[plt-scheme] Semantics of quote

From: Eli Barzilay (eli at barzilay.org)
Date: Tue Jun 24 08:50:29 EDT 2008

On Jun 24, Matthias Felleisen wrote:
> On Jun 24, 2008, at 1:50 AM, Eli Barzilay wrote:
> > I thought it was supposed
> > to be printing values in a way that is readable (or looks like it's
> > readable)
> > the quote is meaningless as a consructor
> Eli, QUOTE is NOT a constructor.

Right, I should have said "constructor-shorthand" or something along
these lines.

> As you well know, QUOTE doesn't even exist anymore at compile
> time. It's gone.

Yes, one point I made was just that -- that printing a quote means
adding it to the output.

> Constructor-style means "algebraic construction of the data, plus  
> sharing" (cons, make-foo, vector, etc).

In both cases you're trying to print out things in a way that can be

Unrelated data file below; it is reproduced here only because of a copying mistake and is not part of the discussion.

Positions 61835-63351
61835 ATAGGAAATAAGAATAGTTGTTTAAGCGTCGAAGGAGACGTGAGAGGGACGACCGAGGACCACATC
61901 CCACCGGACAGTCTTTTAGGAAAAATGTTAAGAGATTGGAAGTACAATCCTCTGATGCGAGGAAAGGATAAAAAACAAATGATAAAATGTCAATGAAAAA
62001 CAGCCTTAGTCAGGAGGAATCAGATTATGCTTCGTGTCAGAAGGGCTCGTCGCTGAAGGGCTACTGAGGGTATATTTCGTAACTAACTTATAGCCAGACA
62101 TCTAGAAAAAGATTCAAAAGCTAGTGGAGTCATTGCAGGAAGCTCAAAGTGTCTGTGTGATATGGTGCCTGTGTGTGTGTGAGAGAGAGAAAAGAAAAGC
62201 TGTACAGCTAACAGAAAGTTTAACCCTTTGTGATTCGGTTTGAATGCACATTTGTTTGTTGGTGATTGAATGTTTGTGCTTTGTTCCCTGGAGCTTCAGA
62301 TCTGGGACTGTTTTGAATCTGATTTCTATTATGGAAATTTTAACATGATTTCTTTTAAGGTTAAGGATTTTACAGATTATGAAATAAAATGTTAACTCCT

entered back in to reconstruct the value (with quasiquote being just a
shorthand for the case of pairs) -- and since that is not possible
you're forced to mix some descriptions (for stuff that you describe)
with things like #<blah>.  So instead of "algebraic" printouts you get
some confused mix of
- limited "algebraic-like" subset
- "here's roughly how it looks like" subset (eg, "(lambda (a1) ...)",
  or `lazy' that prints as `delay')
- plain unreadable stuff (like input ports)
and in the process you step over custom struct writers.

> This has nothing to do with reading but comprehension.
> QUOTE is incomprehensible for the novice and living w/o is  
> impossible, too, especially QUASI and QUINE. Constructor style  
> printing is a bridge between the two worlds.

I agree with the problems novices have, but that's exactly an argument
for wiring the printer to the language, so htdp languages can have the
algebraic printout/quasi shorthands that can actually work in that

          ((lambda (x) (x x)) (lambda (x) (x x)))          Eli Barzilay:
                  http://www.barzilay.org/                 Maze is Life!

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